Super Mario Land 2: Six Golden Coins

Developer: Nintendo R&D1
U.S. Publisher: Nintendo
Original U.S. Release: November 2, 1992
Genre: Platformer
Format: Cartridge

Based on: Super Mario World meets Bizarro World, and rectifying the sins of the past.

Games | Game Boy | Super Mario Land 2: Six Golden Coins


Article by bobservo | June 29, 2009


My first memorable encounter with videogame disappointment came with the release of Super Mario Land in the summer of 1989. Even at the age of seven and in the midst of those wonderful late '80s -- when anything videogame-related was presumed to be inherently awesome -- I couldn’t play more than a few levels of Mario’s first Game Boy outing without feeling distinct pangs of letdown. Being ignorant of the technological limitations of prehistoric portable gaming, I was simply alienated by what felt like a throwback to the original Super Mario Bros. filtered through a fever dream: turtles exploded, fireballs turned to rubber, and Sarasaland’s alien/Egyptian aesthetic inexplicably creeped me out.

In both a literal and philosophical sense, Super Mario Land was a Mario game made for the Game Boy -- meaning that the essential Mario elements were reduced to a manageable state for Nintendo’s portable system. And even though I barely had a second grade education, I didn’t cotton much to the results.

Three short years later, Super Mario Land 2: Six Golden Coins heralded a new era of Nintendo franchises that proved Game Boy games didn’t necessarily have to be shrunken-down versions of their console brethren. Instead of feeling tailor-made for the Game Boy (with all the compromise that entailed), Mario Land 2 felt like a Mario game that just happened to be available on Nintendo’s little portable.

Rather than take the form of an adulterated Super Mario World, Mario Land 2 is a mélange of all the Mario adventures that had been released up until that point in time, with a few unique additions for good measure. It may be hard to believe, but until Super Mario Galaxy came along 15 years later, Mario Land 2 might well have set the record for variety in a Mario game; from the outset, you’re given a (very Mega Mannish) choice of six distinctly-themed worlds that go far beyond the fire/ice/desert tropes we’ve seen in platformers since time immemorial. They might not be the most original of choices -- we’ve seen Mario in haunted houses and underwater caverns before -- but Nintendo’s famous plumber didn’t make his first journey into space until this modest little portable adventure came along.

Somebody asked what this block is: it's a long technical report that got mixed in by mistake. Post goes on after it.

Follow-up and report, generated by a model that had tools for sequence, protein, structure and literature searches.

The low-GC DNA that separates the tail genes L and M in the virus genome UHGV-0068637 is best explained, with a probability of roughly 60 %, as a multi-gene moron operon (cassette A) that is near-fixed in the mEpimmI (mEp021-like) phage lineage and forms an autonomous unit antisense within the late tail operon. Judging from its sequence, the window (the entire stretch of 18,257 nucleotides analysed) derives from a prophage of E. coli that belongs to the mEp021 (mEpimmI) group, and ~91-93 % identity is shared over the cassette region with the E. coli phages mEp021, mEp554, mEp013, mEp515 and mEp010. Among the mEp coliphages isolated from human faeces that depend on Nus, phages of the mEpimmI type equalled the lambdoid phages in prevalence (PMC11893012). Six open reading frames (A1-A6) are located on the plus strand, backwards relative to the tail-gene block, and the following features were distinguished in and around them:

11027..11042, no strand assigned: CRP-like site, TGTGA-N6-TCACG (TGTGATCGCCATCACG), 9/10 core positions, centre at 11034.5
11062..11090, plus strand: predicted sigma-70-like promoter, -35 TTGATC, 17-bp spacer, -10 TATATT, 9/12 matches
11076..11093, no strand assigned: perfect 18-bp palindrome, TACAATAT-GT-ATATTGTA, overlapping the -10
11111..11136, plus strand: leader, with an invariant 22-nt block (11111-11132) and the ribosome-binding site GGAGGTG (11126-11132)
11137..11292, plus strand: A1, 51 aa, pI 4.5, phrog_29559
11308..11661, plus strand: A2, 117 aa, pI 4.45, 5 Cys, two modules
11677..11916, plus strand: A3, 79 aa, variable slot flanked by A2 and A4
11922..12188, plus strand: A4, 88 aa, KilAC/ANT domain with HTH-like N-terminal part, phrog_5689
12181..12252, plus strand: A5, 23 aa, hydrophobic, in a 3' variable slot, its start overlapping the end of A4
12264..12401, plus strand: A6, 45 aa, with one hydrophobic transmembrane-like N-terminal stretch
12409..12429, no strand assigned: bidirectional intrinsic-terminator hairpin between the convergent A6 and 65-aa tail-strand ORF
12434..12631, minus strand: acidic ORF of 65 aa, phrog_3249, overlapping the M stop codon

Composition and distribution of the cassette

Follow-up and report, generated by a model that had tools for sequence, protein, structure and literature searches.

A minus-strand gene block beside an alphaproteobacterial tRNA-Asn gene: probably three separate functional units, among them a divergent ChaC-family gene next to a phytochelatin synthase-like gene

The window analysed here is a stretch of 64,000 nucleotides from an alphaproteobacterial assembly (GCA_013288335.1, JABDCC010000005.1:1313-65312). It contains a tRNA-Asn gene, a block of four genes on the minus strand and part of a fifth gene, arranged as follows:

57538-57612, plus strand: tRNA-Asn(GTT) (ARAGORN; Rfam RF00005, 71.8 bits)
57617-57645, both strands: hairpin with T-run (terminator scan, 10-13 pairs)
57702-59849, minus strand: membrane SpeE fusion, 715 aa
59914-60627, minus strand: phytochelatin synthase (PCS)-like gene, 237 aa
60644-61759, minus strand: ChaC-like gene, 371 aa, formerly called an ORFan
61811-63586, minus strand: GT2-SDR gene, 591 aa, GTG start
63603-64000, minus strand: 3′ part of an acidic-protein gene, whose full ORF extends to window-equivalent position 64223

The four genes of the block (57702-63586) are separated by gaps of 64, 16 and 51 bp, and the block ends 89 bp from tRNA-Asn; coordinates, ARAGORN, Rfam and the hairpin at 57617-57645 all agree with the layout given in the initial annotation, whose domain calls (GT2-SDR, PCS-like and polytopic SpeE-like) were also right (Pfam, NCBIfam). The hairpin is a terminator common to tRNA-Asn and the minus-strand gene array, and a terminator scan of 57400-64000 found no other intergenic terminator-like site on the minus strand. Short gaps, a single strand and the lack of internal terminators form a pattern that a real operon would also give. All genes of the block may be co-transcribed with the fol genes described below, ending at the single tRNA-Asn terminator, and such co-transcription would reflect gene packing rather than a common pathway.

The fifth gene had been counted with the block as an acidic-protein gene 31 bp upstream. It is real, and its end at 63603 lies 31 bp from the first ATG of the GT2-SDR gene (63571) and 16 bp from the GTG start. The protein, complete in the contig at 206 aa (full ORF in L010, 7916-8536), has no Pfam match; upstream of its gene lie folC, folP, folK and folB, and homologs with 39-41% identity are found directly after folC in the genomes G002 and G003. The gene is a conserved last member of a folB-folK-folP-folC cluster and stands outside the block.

Even with the limited interface of the original Game Boy, Mario’s moves here come quite close to what he could do in Mario World. You’ve got the running, jumping, and ducking that come standard with any Mario game, but Mario Land 2 also includes some of the extra abilities gained over the franchise’s history: carrying turtle shells instead of just kicking them, and spin-jumping. It’s a bit disappointing that Mario Land 2 didn’t add any new power-ups to the mix -- the carrot, which gives Mario bunny ears, isn’t much more than an upgraded raccoon leaf from Super Mario Bros. 3 -- but the basic standbys of fire, flight, and invincibility are certainly better than alternatives like the first Mario Land’s curiously lousy projectile.

But really, the lack of variety in power-ups is more than excused by the diversity of content seen in the game; even within specifically-themed levels, Mario Land 2 features variations on variations. The game’s water-themed “Turtle Zone,” for instance, presents levels that take place in an abandoned submarine and a sleeping whale, along with the prototypical oceanside stage. And each one of these levels is filled with an almost Yoshi’s Island-sized cast of enemies, many of which make only a few appearances in the game. All of this variety is accentuated by Mario Land 2’s bold, cartoony look, which manages to be far more detailed than any of Nintendo's prior 8-bit output.

Any article on Mario Land 2 would be remiss without mentioning that this game was the debut of a character who went on to have much more personality (and, possibly, popularity) than Mario. Even though he was born of a stupid Japanese pun, Wario’s brief appearance as the antagonist in Mario Land 2 would soon spawn an entire series that would push the portable platformer even further -- not to mention WarioWare, which would redefine portable gaming itself. But it’s important not to forget that Wario’s roots lie in a little game that should be remembered as one of the first Game Boy titles to redefine what the seemingly underpowered system could do.


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